I agree with your observations. However, I think there’s a more fundamental issue here. Passing. Poor passing and bad passing decisions causes a lot of what puts the players in a position of poor shooting.

    There’s two general problems. The players seem to have a problem getting the ball off their feet – too many touches. This gives time for the other team to swarm around the one with the ball – the Lee syndrome. This leaves nowhere to pass and fosters reaction passing. It’s so much easier to defend a dribbler.

    The second is that the passes are not actuate in general. A lot of times the passes are rushed (holding the ball too long), or just plain bad decisions. Sometimes the passes look like an after thought.

    There are two sides to a pass.There’s not much movement without the ball. Both to move to space or creating space.

    Without playing more disciplined you’ll continue to have poor, rushed and off balanced shots.

    The positive in this game was that the Revs showed more energy and movement. Unfortunately, SJ matched that energy.

    • Mike

      April 21, 2017 at 10:33 am

      Well said. The passing continues to be a major problem for the revs under Heaps.

  3. Rick Sewall

    April 21, 2017 at 3:23 pm

    Reply to JimM and Mike—Thanks for the replies. I agree that the Rev passing attack often seems to fall apart because Rev players hold the ball too long (aptly described by JimM as the “Lee syndrome”), pass inaccurately, or sometimes try to force the pass unsuccessfully to marked receivers. On the other hand, I also guess that the Rev coaches focus on passing for possession quite a bit in practices (as most pro teams do); one piece of evidence supporting this guess is that the team does pretty frequently string together nifty and effective offensive passing sequences. In my own mind, I reconcile these somewhat contradictory observations by pointing (as I did recently in this column) to the team’s regrettable lack, since Jermaine Jones’s departure, of a midfield field general. It is the role of this key player to see the whole field and marshal and lead his troops in a sensible and coherent possession attack at goal. Without that commander at midfield, all too frequently the NCO’s on the field slide back into bad decisions and bad habits. With a Jones (or even better a Yaya Toure-type player) back on the field, with his excellent vision and knack to change to pace of a game, somehow everything clicks again.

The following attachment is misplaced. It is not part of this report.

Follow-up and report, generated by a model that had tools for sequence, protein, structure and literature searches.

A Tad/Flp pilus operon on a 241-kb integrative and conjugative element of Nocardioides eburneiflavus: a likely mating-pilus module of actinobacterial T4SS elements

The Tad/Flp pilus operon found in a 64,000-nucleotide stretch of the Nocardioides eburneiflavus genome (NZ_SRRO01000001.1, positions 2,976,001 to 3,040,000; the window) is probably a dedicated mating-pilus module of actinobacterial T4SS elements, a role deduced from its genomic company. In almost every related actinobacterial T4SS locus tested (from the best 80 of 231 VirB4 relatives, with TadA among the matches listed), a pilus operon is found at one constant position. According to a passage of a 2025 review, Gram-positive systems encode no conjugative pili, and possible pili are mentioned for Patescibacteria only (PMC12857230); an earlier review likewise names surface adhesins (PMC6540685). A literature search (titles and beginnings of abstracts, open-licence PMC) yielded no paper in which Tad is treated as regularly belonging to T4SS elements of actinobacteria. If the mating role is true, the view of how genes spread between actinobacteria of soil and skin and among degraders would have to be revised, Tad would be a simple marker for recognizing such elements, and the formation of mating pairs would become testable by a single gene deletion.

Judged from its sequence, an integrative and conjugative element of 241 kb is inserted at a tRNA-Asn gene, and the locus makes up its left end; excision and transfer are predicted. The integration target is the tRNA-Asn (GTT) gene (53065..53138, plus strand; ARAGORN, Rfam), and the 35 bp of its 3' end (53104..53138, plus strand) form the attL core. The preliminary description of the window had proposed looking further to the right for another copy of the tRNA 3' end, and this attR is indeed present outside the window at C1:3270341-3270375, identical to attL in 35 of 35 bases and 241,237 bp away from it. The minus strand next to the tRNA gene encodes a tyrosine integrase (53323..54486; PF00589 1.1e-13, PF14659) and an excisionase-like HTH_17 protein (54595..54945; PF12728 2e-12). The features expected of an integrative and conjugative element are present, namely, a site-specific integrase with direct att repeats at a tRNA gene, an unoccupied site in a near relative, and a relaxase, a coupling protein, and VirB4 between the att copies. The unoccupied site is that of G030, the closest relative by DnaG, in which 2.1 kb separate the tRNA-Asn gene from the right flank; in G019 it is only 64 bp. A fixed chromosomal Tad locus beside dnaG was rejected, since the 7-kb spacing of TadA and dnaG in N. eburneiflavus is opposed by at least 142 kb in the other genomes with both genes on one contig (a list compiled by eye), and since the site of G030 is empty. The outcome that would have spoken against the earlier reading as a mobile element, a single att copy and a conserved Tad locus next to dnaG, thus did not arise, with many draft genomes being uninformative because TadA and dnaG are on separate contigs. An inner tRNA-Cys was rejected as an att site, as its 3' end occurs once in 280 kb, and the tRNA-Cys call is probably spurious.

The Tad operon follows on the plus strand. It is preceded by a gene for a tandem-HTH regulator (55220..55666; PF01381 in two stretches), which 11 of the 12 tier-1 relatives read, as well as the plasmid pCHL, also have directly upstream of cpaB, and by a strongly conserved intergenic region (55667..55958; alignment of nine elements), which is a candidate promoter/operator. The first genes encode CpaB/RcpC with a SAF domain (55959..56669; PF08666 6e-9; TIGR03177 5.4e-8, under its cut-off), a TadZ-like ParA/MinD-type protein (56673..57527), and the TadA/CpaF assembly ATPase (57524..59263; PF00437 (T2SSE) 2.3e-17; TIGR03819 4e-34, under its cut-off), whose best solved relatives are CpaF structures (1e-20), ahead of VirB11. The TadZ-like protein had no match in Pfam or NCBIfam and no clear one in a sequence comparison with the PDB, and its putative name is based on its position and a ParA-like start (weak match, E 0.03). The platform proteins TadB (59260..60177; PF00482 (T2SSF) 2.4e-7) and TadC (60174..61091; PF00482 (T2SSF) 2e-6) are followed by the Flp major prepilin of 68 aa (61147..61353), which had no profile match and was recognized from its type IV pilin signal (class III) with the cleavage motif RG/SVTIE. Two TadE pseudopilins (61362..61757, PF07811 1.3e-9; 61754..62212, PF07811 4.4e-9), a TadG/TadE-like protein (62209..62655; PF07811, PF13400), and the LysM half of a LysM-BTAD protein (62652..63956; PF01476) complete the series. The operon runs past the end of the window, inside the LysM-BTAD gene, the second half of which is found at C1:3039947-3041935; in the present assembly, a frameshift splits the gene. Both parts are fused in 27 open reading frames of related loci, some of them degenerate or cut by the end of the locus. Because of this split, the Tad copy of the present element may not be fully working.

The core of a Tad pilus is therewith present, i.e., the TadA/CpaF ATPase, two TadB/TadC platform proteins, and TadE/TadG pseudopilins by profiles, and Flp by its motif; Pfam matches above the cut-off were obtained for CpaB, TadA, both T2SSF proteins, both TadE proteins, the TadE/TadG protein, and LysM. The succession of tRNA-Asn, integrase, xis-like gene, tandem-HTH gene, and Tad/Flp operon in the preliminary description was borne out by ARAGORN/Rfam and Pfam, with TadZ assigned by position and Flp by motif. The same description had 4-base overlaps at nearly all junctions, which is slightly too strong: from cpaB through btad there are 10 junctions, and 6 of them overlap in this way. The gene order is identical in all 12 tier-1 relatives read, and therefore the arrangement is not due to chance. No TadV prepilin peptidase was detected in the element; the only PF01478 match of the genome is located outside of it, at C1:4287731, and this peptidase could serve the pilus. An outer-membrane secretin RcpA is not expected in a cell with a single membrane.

As JimM notes, bad passing can make it difficult for a player to shoot accurately, no question. But the fact that the Revs in Wednesday’s game muffed shots where the ball was fed sweetly right to their feet is a sign of serious team technical weakness at shooting.